“The environment here is like nothing else,” Yanez said. “If we went back to regular high school now, we would have a lot of trouble adjusting.”

The school opened last fall with a surplus of applications. Requests to attend continue to increase, said Arlington Superintendent Marcelo Cavazos, and student retention and attendance rates remain high. Of 122 students on opening day, 118 are still with the program. Three withdrew because of family relocations, and only one went back to a traditional campus.

“There is more demand than there are opportunities there,” Cavazos said. “Students truly taking action to realize their dreams is really demonstrated at the early college high school. It’s one thing to dream and another thing to take tangible action to make it happen.”

Popular statewide

Early college high schools are flourishing statewide. The Texas Education Agency gave final approval in April for 44 new ones for the 2015-16 school year. Those designations bring Texas’ total for such campuses to 154.

The Fort Worth school district received a new ECHS designation for its Fort Worth ISD Collegiate High School opening this fall on the Tarrant County College South Campus. Fort Worth has two other early college high schools: Marine Creek Collegiate High School at TCC Northwest Campus and Texas Academy of Biomedical Sciences, 3813 Valentine St., in cooperation with TCC Trinity River Campus, the University of North Texas and the University of North Texas Health Science Center.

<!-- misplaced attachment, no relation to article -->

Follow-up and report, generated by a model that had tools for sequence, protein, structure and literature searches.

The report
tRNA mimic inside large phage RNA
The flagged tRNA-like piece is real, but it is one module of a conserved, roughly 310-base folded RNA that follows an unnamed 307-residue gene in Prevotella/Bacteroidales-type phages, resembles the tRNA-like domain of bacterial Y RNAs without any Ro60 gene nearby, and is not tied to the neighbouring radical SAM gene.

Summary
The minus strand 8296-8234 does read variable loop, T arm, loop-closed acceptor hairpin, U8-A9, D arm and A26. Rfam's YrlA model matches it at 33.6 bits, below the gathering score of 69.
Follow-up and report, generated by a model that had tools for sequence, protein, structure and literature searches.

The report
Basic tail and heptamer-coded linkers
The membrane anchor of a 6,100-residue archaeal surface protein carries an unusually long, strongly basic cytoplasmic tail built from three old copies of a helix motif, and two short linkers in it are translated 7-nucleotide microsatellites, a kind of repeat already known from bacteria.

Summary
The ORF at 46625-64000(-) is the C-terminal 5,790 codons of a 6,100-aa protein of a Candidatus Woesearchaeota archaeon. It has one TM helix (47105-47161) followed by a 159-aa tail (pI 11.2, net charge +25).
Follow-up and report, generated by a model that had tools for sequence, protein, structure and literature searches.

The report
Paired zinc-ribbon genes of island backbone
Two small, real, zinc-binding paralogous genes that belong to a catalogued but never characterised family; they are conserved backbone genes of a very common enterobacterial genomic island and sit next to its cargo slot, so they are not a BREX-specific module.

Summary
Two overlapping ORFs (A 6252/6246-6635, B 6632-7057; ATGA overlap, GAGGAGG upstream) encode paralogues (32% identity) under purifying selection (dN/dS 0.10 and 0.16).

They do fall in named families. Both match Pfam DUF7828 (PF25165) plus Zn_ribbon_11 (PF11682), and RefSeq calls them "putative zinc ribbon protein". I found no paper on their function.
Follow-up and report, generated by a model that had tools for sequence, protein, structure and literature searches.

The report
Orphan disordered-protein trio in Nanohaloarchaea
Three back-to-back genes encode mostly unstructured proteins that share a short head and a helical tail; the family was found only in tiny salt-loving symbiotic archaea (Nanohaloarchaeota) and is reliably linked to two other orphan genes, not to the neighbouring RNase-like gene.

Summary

The Grand Prairie district will open two early college high schools next year.

The schools give students who might not get to attend college an opportunity to earn a high school diploma and significant college credit at the same time. Students can graduate with either a completed associate degree or at least 60 college credit hours toward a baccalaureate degree. There is no cost to students.

Gerardo Gonzales teaches algebra and geometry at the Arlington school, having moved from a much larger student population at Bowie High School.

“The main difference here is the flexibility of the staff,” he said. “There are more opportunities for interventions with the students, and you can monitor them a lot better.”

He works longer hours and the pace is more intense, but Gonzales isn’t complaining.

“The students know our expectations for them, and communication is key,” he said. “It’s life-changing for them as well as for me. Everywhere else, you like to think that education is important to them. Here, it’s the only thing.”

Students have settled in and adopted some elements of a campus life. They have picked their colors and organized a Student Council, campus newspaper, and robotics, manga and dance clubs. With TCC, they can play some intramural sports and participate in programs such as music and culinary clubs.

They learn to persevere through the ups and downs, even as freshmen.

“I’ve failed, but I’ve also succeeded,” Barrera said. “I don’t go to practice after class anymore, I go home to study. But I know what’s important in my life.”